The Lord, then, has provided us with a revelation, and has given us the ability to use it. As with everything in His creation, there are levels of understanding, and practice is needed. The child begins with the literal sense of the Word alone. The rules are simple, almost black and white. As the child’s mind develops, however, he is able to make interpretations and see the fine lines. Indeed, the literal sense, as understood by adults, is very flexible. The adult is able to interpret it according to preconceived notions. We can even look for wanted results and explanations that will cover for our weaknesses and our sins. The letter of the Word, we are told, can even be twisted by an evil person to confirm whatever he wants to believe.

And so the adult must turn to the internal sense of the Word for guidance in obeying the literal sense, as we are commanded to do. It is as if our map was so good that the maze, even though very complex, becomes ordered. The internal sense will do nothing for us if we don’t see it and feel it guiding our spirit to a certain external way of living. But as we do that, we become less dependent upon the things of our senses. We become less susceptible to external things ruling our spirit. We learn better, with more clarity, just what the Word is teaching us. We learn that we can handle the things that happen to us in this early life from a new perspective. What is truly God’s order for our individual life can be discovered. This is what is meant by discovering the Lord in our life. For the light, warmth, order and delight we feel are all His in us. As the Writings say, the doctrine we draw from the literal sense of the Word by means of the internal sense becomes living, active in every smallest part of our life.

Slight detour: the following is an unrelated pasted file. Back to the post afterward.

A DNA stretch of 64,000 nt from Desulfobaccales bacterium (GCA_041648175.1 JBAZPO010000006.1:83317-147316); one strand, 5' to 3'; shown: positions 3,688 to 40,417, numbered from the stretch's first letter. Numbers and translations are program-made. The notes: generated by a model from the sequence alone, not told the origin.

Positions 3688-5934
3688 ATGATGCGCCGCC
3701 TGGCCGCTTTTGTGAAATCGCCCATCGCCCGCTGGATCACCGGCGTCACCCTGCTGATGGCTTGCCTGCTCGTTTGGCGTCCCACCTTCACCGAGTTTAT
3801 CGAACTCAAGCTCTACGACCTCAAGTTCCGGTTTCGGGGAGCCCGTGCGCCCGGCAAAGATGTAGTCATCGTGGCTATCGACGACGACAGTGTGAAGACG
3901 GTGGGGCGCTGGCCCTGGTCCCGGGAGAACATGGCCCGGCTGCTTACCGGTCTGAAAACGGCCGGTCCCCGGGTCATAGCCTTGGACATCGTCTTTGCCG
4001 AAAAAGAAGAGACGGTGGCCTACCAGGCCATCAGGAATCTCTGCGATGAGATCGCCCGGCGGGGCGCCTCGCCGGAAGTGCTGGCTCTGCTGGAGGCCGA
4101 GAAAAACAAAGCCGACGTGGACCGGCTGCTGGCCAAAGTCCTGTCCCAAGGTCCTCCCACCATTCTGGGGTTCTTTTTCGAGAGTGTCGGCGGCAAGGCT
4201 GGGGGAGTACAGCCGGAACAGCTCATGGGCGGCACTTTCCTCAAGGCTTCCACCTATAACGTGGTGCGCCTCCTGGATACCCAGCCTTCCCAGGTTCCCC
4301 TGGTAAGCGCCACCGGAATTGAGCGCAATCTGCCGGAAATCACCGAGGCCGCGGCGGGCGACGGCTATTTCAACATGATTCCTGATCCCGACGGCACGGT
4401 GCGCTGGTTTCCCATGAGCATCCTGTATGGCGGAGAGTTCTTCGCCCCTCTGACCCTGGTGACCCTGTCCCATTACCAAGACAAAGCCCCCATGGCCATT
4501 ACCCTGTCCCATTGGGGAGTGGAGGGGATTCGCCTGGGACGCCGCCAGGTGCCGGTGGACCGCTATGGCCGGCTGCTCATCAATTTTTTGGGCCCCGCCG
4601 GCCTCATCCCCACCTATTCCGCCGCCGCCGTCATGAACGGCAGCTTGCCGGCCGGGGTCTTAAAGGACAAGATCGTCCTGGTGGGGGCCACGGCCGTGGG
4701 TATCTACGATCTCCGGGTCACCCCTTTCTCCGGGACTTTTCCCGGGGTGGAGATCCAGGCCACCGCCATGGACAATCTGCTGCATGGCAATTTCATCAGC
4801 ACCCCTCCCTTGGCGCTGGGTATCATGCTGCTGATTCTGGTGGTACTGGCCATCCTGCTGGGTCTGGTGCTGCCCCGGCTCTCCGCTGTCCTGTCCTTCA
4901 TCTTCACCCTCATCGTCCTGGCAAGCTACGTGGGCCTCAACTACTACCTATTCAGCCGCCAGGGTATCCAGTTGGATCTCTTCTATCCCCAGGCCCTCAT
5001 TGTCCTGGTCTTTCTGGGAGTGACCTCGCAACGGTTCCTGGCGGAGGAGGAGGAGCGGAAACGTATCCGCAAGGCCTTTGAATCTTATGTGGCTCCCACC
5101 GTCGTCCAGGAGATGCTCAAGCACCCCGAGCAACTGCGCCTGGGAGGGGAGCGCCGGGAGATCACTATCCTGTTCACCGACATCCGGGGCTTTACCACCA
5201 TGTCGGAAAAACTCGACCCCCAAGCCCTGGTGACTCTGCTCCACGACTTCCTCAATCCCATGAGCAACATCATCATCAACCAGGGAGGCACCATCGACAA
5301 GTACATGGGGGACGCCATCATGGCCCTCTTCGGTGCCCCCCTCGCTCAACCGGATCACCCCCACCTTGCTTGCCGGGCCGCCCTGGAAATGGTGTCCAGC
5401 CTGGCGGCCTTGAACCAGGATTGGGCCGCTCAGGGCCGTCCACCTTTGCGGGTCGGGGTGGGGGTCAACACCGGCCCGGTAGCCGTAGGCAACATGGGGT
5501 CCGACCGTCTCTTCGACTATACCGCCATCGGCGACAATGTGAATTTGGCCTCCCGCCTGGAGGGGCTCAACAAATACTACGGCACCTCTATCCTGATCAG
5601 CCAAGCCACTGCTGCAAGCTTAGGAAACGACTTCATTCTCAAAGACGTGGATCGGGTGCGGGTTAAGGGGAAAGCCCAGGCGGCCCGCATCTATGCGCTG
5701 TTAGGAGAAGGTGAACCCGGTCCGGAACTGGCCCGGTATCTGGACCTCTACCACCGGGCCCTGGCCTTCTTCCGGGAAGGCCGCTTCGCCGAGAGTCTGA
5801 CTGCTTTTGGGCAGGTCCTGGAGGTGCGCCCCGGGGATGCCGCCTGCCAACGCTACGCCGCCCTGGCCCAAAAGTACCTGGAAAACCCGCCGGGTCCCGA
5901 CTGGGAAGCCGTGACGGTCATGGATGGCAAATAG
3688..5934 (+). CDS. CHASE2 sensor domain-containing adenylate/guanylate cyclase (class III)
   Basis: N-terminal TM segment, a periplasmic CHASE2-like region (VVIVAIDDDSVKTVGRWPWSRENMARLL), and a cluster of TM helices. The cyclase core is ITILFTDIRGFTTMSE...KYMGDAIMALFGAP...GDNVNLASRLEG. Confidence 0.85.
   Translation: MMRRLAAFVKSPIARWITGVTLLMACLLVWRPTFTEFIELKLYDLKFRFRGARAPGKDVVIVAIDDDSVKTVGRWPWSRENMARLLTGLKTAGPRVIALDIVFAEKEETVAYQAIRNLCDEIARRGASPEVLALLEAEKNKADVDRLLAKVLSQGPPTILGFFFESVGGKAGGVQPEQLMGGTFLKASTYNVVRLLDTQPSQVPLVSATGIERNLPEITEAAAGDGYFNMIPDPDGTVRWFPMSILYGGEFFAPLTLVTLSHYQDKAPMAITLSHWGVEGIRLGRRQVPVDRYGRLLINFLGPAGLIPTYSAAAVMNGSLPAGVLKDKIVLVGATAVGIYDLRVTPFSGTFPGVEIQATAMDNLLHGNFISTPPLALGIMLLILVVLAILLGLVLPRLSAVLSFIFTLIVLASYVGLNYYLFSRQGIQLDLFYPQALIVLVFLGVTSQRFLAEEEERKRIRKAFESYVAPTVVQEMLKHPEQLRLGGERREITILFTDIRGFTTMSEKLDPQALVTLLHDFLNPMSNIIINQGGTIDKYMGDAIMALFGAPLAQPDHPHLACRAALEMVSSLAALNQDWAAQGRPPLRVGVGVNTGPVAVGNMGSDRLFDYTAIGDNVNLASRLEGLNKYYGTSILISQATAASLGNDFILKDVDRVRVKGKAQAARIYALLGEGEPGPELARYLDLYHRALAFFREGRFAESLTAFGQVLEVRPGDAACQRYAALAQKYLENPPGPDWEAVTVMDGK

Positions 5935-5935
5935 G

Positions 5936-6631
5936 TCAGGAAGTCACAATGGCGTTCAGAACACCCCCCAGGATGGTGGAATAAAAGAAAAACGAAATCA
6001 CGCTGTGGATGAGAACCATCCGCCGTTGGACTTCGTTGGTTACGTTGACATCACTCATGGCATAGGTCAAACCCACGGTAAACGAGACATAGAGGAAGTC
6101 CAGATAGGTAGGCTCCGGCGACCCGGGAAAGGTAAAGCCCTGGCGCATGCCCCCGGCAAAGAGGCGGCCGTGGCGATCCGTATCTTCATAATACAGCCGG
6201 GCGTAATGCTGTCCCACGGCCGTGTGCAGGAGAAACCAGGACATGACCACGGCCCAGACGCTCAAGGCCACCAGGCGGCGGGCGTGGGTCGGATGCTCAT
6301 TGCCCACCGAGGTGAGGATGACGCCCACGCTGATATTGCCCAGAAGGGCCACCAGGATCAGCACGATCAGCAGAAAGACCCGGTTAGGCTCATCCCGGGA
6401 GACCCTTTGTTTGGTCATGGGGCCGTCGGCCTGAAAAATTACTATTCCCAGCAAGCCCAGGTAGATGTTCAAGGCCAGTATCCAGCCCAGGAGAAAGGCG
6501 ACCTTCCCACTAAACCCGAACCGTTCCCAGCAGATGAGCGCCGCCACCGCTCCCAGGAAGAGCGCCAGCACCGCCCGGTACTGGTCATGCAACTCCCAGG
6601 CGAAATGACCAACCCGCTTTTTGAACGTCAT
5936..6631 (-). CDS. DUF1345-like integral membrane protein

The purpose of doctrine, then, is to lead us to a vision of the Lord that will prompt us to change our ways. Thus, He is the way. We are not born with this vision; we must work to acquire it. While the Lord created us all for heaven, to reach the finish of the maze successfully, hereditary evil and the influences of the hells lead us into dead ends and inescapable pits.